If it's possible (that is, if you control all the code which instantiates A), you can use some clumsy workarounds introducing a kind of indirection. For example, you can have a configurable factory producing As (which will on demand switch to producing Bs under the cover) -- this seems to be the Java way. (You'll need all the code construct As not directly, but through the factory.)

If I am not mistaken, the feature you are looking for is available in Objective C out of the box -- but not in Java.

share|improve this answer
    
Thanks for your answer. Is there a way to catch an event when a method is launched? –  Manitoba Apr 6 '12 at 12:02
    
No way of which I am aware of, sorry :( –  Vlad Apr 6 '12 at 12:04
    
+1. Also, side note/question: I am not a C# expert, but I know you can add fields on the fly there using reflection - maybe it can be done as well [in C#]? [will be glad if someone knows the answer for it]. However - in java, it cannot be achieved with reflection, and AFAIK cannot be achieved at all. –  amit Apr 6 '12 at 12:11
    
@amit: wow, I didn't know about this C# feature! Could you please share some more information about it? (Or is this about ExpandoObject?) –  Vlad Apr 6 '12 at 12:13
    
@Vlad: As I said, I am not a C# expert, I just remember reading it about a year ago [reliable source]... I am not the place to address these questions :) –  amit Apr 6 '12 at 12:15

By inheritance, yes. Simply change the class B definition : class B extends A

share|improve this answer
2  
No, new A().method1() will still invoke the original one. You modified class B and not class A's behavior as requested –  amit Apr 6 '12 at 11:51
    
@amit If you read the post, the OP says he does not want to modify class A. –  Hunter McMillen Apr 6 '12 at 11:52
    
@HunterMcMillen: He wants to modify A's behavior without modifying it, and not the behavior of B. –  amit Apr 6 '12 at 11:53
    
@amit Without editing the source file, there is no way to change the existing behaivor. Inheritance gives him a workaround. –  Hunter McMillen Apr 6 '12 at 11:55
1  
@HunterMcMillen: Then the answer should be "no, but..." and not "yes" –  amit Apr 6 '12 at 11:56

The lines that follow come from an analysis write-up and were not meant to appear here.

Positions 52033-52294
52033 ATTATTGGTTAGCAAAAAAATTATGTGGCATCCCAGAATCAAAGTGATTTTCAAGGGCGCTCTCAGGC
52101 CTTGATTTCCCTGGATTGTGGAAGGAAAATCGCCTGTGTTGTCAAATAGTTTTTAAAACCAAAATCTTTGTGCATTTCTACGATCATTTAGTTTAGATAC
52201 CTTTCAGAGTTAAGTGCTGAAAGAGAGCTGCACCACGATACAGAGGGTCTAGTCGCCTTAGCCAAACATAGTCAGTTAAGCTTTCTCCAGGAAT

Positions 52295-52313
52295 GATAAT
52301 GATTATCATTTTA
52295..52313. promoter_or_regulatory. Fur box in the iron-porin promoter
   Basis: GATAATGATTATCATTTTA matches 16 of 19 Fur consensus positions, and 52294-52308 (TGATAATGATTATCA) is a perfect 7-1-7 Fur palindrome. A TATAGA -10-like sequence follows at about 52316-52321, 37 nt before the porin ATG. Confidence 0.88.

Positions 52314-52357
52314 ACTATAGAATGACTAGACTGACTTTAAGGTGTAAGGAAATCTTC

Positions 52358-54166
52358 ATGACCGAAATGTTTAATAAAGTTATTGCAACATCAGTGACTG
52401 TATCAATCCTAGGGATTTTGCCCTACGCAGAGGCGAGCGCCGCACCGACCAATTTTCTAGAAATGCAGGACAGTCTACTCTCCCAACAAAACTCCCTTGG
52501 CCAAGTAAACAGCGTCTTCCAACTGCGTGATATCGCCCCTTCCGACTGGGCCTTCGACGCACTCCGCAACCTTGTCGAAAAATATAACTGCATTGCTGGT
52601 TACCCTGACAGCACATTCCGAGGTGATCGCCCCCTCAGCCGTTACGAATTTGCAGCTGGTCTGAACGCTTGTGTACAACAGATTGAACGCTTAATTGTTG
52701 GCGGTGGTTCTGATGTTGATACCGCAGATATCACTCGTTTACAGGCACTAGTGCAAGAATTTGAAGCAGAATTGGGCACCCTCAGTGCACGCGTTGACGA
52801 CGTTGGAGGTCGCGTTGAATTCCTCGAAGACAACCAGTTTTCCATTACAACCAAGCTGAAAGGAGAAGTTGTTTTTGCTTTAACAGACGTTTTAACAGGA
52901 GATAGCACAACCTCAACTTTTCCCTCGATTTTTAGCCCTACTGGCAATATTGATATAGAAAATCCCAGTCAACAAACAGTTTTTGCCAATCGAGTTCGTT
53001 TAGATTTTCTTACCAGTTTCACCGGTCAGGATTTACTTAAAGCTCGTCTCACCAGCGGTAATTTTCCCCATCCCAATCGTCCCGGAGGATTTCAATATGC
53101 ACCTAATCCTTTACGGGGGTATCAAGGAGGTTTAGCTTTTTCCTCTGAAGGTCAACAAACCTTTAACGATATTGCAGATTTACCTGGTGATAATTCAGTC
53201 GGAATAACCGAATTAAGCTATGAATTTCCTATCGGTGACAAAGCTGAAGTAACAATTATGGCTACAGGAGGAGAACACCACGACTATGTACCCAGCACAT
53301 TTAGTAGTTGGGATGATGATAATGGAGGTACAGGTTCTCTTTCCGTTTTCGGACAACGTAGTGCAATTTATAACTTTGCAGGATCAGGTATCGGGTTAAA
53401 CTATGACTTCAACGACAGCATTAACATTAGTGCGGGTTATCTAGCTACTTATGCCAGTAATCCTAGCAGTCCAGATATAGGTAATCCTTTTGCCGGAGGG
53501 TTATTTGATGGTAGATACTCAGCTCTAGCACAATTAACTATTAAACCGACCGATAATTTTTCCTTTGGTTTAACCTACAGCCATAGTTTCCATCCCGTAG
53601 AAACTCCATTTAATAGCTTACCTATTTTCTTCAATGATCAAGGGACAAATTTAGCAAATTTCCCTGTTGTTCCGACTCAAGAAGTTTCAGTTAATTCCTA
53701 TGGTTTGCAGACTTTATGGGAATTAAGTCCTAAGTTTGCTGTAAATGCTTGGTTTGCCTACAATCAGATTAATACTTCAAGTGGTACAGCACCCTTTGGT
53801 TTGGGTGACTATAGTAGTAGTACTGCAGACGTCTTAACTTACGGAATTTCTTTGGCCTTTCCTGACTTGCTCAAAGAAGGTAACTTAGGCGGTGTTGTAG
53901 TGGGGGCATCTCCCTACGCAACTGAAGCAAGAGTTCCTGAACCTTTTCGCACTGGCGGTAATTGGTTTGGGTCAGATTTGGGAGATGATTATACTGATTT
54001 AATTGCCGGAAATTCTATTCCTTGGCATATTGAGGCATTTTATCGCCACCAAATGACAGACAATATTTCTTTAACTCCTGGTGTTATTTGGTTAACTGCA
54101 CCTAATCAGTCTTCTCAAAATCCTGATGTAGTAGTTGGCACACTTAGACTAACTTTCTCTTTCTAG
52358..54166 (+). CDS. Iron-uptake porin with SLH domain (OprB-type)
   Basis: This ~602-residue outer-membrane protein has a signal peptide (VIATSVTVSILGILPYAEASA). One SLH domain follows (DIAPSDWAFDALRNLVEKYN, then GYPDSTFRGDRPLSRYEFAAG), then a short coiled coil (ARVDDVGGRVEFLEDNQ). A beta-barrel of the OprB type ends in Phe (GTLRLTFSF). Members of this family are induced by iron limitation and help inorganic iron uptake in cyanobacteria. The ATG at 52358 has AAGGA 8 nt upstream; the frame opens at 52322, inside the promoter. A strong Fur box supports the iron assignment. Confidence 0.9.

This has no sense. Overriding means precisely to re-define a method that is inherited from a super class. So here are some solutions :

  • B must extend A and then you can override one of the methods of A. Give it the same signature as in A, use the @Override annotation to be sure.
  • A has some dependency that is injected : method1 and method2 use some tierce object (C) to get the job done and the dependency is injected in A. Then B can use a A with custom C object that suits its needs. Most of code of A won't change that way.
share|improve this answer

One way to achieve this would be to use some sort of factory instance to create objects of type A instead of invoking the A() constructor directly in your code. Your add-on would then need to provide and register its own implementation of this factory which would create instances of class B. This only works if the add-on gets loaded and initialized before any instances of A were created.

Another approach would be to implement your own ClassLoader and use this to modify the bytecode of class A at loading time. You could search for tools for aspect oriented programming to implement this. This is only possible if you have control over the class loading process of class A.

share|improve this answer

No, you can't do that, it's impossible to modify the behavior of a class without actually modifying the class, however, there is a workaround:

  1. B should be inherited from A. This is absolutely needed. A won't change, but its children classes might change in behavior

  2. Overwrite method1() and method2()

  3. Suppose you have an a object of the A class. If you convert it to B, its behavior will be your new, custom behavior.